After years of abandoning groundnut growing, farmers in Jingir Town, Bassa Local Government Area, Plateau State, have given an explanation of why they are now starting to do it again.
The farmers in Jos explained to reporters that historically poor prices were a significant factor in discouraging farmers from cultivating groundnuts.
Pyramids made of groundnuts were constructed in the 1960s in northern Nigerian cities like Kano, where groundnut farming was a significant economic driver.
The groundnut pyramids, however, vanished as groundnut output fell off in the 1970s and 1980s, and Nigeria’s economy turned its focus to crude oil.
According to farmers in Jingir, production of groundnuts fell in the past due to a number of circumstances, but tremendous potential has recently inspired them to restart groundnut farming.
Groundnut farmer Hamza Amadu echoed the sentiments of his colleagues when he said, “Before today, farmers gave up growing groundnuts because it wasn’t profitable. Today, though, they are resuming it gently. This is as a result of the good pay received by the few people who still work there. Due to the high expense of fertiliser, which discouraged many people from farming maize, they turned back to growing groundnuts, which don’t require fertiliser or a lot of resources.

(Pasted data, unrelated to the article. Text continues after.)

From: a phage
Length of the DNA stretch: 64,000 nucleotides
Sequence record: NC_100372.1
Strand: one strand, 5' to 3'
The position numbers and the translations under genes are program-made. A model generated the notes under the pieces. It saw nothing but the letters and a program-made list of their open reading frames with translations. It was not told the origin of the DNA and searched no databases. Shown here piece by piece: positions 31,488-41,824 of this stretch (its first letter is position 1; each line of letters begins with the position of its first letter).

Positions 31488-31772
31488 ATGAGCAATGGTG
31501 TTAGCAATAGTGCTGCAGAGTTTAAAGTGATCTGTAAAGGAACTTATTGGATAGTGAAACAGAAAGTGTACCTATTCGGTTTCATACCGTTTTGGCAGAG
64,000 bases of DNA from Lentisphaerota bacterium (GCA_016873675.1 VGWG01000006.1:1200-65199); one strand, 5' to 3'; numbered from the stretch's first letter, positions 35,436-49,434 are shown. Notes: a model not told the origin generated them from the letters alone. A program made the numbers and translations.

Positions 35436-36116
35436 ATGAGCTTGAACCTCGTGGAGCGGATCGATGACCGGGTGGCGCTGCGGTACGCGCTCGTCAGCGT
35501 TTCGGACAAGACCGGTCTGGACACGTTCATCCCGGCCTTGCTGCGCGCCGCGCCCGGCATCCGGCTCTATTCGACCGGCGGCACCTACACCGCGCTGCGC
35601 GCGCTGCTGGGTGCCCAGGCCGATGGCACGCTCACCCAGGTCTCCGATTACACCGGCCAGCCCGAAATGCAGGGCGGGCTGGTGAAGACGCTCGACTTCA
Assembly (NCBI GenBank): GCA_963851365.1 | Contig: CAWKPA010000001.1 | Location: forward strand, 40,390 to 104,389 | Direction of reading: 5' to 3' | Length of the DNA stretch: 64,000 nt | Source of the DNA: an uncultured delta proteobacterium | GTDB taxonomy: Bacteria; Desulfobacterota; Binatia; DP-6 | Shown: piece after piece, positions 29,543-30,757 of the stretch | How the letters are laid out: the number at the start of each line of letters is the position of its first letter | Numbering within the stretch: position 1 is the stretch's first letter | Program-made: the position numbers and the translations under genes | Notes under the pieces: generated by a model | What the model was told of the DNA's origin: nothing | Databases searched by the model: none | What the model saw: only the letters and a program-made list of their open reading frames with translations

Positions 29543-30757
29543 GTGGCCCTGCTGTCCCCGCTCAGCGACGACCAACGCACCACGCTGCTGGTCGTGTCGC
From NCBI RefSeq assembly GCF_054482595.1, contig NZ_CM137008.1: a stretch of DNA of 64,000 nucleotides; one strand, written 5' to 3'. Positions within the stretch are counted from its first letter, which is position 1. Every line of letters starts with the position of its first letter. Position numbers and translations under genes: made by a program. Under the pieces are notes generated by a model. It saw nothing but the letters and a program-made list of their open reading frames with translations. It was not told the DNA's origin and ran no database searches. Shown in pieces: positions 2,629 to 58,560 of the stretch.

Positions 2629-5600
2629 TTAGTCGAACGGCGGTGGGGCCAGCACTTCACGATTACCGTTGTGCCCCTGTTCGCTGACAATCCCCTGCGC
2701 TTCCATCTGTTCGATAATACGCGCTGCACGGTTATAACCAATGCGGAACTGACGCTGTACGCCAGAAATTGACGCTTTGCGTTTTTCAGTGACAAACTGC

Daniel Emose, a different farmer, stated: “Groundnut farming is now profitable. It was abandoned in the past because it wasn’t profitable, but today, many are taking the risk because of the money they can make from it. It doesn’t cost much to cultivate, and if you’re lucky, you get a lot of crop.
Mika Assabaru, a farmer, said “Groundnut cultivation is profitable because groundnut farmers live averagely. During the early harvest, we sold a 50kg for N20,000 even though the price has come down now. No matter the situation, groundnut farmers hardly lose.”
The farmers hope that agriculture will be given appropriate attention, so that the country could return to the era of groundnut pyramids of the 1960s.